Pussy Riot's Pyotr Verzilov 'likely poisoned', doctors say
An activist with Russian protest group Pussy Riot who was taken ill after a court hearing last week was probably the victim of a poisoning attempt, German doctors treating him have said.
Pyotr Verzilov, 30, was flown to Berlin from Moscow on Saturday after arriving at hospital in a serious condition.
His symptoms reportedly included losing his sight and the ability to speak.
Mr Verzilov is best known for taking part in a protest at the Football World Cup Final earlier this year.
Speaking at a news conference on Tuesday, Dr Kai-Uwe Eckardt from Berlin's Charité hospital said it was "highly plausible that it was a case of poisoning".
He added that Mr Verzilov is out of danger, but the substance used has not yet been identified.
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Nadya Tolokonnikova, a fellow Pussy Riot member and Mr Verzilov's estranged wife, told German tabloid Bild at the weekend that she believed he had been "deliberately poisoned" for either "intimidation or even an assassination attempt".
He is said to have spent several days in intensive care before regaining consciousness on Friday, friends told the Meduza news website.
Mr Verzilov has been a prominent figure in the anti-Kremlin opposition for several years, including his work with Pussy Riot.
The group's Twitter account posted a photograph of members posing with a banner alluding to the alleged poisoning on Friday.
Mr Verzilov holds both Russian and Canadian citizenship.
Earlier this week Canadian Prime Minister Justin Trudeau said the situation was a "concern, obviously, given actions of recent months by the Russians in the UK" - referring to the poisoning of a Russian ex-spy and others in Salisbury.
Other alleged Russian poisonings
Mr Verzilov's case is not the first suspected poisoning of those who have criticised the Kremlin or senior Russian figures. Russian authorities often blame their symptoms on medical conditions or allergic reactions.
2017: Pro-democracy journalist Vladimir Kara-Murza survives a suspected poisoning, two years after he suffered multiple organ failure in a similar incident.
2004: Ukraine's former President Viktor Yushchenko is poisoned with toxic chemical dioxin while running against Russia's preferred candidate.
2004: Anna Politkovskaya, an investigative journalist and an outspoken critic of the Kremlin's policy in Chechnya, falls seriously ill while travelling by aeroplane. She later says she believes she was poisoned. She is shot dead outside her home in Moscow five years later.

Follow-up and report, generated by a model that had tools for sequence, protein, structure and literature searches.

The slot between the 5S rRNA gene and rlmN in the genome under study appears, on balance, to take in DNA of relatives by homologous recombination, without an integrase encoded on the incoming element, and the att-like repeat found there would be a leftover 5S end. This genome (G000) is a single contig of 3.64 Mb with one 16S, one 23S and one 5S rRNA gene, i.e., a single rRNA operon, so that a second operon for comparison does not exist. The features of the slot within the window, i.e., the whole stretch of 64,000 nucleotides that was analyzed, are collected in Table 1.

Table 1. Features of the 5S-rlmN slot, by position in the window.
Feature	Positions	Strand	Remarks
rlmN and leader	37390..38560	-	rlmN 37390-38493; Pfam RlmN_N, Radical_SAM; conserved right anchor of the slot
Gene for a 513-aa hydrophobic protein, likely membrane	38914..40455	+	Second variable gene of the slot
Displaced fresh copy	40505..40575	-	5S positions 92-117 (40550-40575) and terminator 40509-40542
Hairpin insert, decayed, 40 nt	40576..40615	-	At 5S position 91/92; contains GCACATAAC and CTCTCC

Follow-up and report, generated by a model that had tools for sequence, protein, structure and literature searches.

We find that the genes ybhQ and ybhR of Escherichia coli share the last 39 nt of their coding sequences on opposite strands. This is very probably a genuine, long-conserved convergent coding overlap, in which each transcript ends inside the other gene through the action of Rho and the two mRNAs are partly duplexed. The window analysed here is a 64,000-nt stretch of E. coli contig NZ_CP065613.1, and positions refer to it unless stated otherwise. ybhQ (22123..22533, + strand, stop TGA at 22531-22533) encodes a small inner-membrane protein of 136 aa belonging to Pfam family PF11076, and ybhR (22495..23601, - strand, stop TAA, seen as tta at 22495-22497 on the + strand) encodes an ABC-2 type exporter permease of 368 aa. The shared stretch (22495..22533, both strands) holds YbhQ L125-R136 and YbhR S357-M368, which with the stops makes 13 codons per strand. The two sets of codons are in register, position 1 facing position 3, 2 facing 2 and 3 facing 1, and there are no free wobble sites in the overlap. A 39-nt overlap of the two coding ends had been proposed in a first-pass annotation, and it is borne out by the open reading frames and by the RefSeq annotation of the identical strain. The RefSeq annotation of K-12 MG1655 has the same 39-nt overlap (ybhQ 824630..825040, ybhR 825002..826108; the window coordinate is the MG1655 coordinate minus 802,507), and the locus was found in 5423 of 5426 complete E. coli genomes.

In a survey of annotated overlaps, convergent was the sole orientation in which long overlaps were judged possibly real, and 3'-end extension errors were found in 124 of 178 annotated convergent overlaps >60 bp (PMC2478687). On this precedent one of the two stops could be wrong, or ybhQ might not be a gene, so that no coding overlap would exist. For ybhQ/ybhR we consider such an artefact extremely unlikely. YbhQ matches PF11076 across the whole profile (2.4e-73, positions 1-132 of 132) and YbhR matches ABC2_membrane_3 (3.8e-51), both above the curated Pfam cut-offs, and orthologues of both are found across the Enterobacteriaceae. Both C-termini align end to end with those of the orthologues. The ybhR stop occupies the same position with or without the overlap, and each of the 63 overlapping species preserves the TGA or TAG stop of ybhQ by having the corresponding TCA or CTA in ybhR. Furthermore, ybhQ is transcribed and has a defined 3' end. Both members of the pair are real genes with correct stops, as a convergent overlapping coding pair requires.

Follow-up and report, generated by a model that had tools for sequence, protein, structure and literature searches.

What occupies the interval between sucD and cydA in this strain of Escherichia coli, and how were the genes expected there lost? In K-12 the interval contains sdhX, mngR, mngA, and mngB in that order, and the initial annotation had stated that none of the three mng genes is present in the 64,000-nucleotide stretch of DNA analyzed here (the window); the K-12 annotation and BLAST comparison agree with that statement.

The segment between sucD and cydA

2004: Russian businessman Roman Tsepov, who ran a security agency which guarded Vladimir Putin before he became president, dies in St Petersburg. His doctor tells the agency for Journalistic Investigations in St Petersburg: "It was poisoning without a poison... It was as if his immune system was switched off".
2003: Yuri Shchekochikhi, an investigative journalist and a liberal lawmaker, dies after what authorities say is an acute allergic reaction. However, the Committee to Protect Journalists reports that his relatives and colleagues blame his death on poisoning.
Suspected poisonings inside the UK
2018: Former Russian double agent Sergei Skripal and his daughter Yulia are found unconscious on a bench in the town of Salisbury. The UK government says they were poisoned with a military-grade Novichok nerve agent.
2006: Former Russian spy Alexander Litvinenko dies after being exposed to the highly radioactive Polonium 210. A public inquiry into his death found he may have been poisoned twice in the weeks before his death.
Russia has denied any involvement in both the Skripals' case and Litvinenko's death. In both cases, UK authorities named Russian suspects they believe were behind the poisonings, but Russia maintains their innocence and has refused to extradite them.
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